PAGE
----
PSYCH 148S: “The Psychology of Bias: Stereotyping, Prejudice, and Discrimination” is a three-unit course where students gain an understanding of societal bias and ways to combat it. The class incorporates research and studies from social, cognitive, affective, developmental, cultural and neural perspectives to analyze the processes that reflect and perpetuate group biases.
Taught by psychology social Ph.D. students Nick P. Camp and Camilla M. Griffiths, the course explores bias in terms of identity groups such as race, gender and age. Students also analyze precursors of bias, different elements of bias, levels of analysis and the different perspectives of bias.
Griffiths is entering her fourth year as a Ph.D. student and the topic of bias is highly pertinent to her research.
“I’m interested in hearing from students that have or haven’t taken psychology classes before and their perspective on the topics that I’m really passionate about and that drive my research,” Griffiths said.
Camp hopes that by teaching this class, students will learn the different processes of bias, how to think about these processes, and what they can do to address and change them for the better. The class is open to all students, from high school to graduate students. No background in psychology is necessary.
“People come from so many different backgrounds and personal experiences. Some people have taken classes in psychology and some haven’t, so there’s a little bit of everything,” Camp said. “I think that actually makes the course better.”
Natalie Shabahang, a senior at the University of Michigan, is interested in the scientific aspect of bias and where it stems from.
“I hope to gain a more nuanced understanding of the different functions that go through someone’s head before they ultimately come to the behaviors they actually perform in real life that reflect bias,” Shabahang said.
Robert W. King, on the other hand, has practiced respiratory care in hospitals and community clinics for several years and has seen the results of racial bias in medicine firsthand.
“I find racial bias in medical care, in emergency rooms, in pain medications [and] in classes and instructions that are given to patients, and I’m trying to learn how to combat that so we can get equal access to health care through education,” King said.
PSYCH 148S is two-hour, twice a week discussion-based course with several research analyses, student presentations, external readings and occasional lectures. As part of the class’ participation requirement, which is 35 percent of the final grade, students are expected to complete an assignment called the QuALMRI (Question, Alternative hypotheses, Logic & design, Method, Results and Inferences). For the QuALMRI, students outline a specific study from the course’s external readings in a short and interesting way, such as a joke.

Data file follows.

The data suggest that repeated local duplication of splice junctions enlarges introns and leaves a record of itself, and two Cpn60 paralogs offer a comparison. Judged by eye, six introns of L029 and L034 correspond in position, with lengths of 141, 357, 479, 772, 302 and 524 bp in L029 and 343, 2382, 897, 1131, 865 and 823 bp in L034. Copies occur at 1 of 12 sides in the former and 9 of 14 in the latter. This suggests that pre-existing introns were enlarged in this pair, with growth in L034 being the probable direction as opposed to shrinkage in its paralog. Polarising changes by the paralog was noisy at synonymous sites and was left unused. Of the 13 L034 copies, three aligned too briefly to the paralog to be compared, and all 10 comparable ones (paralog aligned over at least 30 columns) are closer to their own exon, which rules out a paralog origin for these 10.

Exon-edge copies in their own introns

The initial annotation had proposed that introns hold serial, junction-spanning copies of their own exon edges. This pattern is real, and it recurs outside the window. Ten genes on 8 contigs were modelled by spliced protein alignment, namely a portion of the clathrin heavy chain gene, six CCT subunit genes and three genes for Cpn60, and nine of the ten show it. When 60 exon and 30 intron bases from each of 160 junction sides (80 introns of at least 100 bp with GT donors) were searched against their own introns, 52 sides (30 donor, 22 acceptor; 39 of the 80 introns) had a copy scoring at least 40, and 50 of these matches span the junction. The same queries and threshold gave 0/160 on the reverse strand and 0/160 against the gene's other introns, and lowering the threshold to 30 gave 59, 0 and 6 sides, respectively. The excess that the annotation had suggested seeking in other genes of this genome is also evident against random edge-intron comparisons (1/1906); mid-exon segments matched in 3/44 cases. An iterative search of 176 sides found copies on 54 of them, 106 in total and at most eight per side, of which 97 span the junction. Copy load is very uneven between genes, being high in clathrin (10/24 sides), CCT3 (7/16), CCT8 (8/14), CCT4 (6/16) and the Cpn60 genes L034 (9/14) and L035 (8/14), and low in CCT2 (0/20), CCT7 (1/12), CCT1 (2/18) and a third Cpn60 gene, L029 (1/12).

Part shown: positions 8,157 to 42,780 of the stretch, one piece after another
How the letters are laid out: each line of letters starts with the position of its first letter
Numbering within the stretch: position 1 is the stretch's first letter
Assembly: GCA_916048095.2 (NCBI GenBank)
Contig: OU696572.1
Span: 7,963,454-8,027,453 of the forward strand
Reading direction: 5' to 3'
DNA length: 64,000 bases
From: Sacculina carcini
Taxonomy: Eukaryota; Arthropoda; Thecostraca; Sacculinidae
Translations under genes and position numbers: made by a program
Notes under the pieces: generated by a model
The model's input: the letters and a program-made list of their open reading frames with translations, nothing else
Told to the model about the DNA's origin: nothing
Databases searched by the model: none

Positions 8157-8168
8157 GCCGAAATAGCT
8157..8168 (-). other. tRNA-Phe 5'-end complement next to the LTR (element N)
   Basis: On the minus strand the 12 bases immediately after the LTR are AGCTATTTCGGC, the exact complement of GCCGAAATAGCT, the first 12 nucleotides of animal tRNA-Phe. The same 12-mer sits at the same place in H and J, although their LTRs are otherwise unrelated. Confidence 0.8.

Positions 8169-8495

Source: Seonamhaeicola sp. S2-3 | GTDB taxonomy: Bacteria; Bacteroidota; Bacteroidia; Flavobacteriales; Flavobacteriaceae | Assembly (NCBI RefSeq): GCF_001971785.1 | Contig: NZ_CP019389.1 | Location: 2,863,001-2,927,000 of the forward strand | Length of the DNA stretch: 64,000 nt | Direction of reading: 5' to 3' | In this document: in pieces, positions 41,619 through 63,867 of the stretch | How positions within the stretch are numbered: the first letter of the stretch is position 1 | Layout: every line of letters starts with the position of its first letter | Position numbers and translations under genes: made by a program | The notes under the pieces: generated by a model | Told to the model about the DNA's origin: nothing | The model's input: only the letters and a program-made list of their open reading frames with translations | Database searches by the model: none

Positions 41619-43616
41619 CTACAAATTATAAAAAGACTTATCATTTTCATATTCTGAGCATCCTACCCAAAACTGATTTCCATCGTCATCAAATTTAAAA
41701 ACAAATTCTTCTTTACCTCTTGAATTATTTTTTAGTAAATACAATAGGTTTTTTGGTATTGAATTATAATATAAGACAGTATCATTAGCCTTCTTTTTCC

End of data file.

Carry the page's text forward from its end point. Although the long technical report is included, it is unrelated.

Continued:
Halfway through the course, students will work with group members to examine the role of bias in a real-world topic, such as criminal justice or media, and present their findings to the class. They will identify a problem in their topic area and describe how at least two psychological processes that they learned in the course contribute to this problem. For the final project, students use these presentations and apply material from the course to real-world examples in an essay.
This application to daily life is one reason Lorrena Ferrarini, a sophomore in high school, took the course.
“I really hope to learn what I do right and wrong in my everyday life, why I do this, so if it’s something I shouldn’t do I can change it, and just to have an explanation of why we have this prejudice,” Ferrarini said.
Camp hopes that by the end of this course students will use the scientific awareness on bias to instigate a social change.
“This is a class all students should take because bias is something that affects all of us and having an understanding of the processes that contribute to it is very important in figuring it out how to fix it,” Camp said.
Contact Riya Chopra at riya.chopra202 ‘at’ gmail.com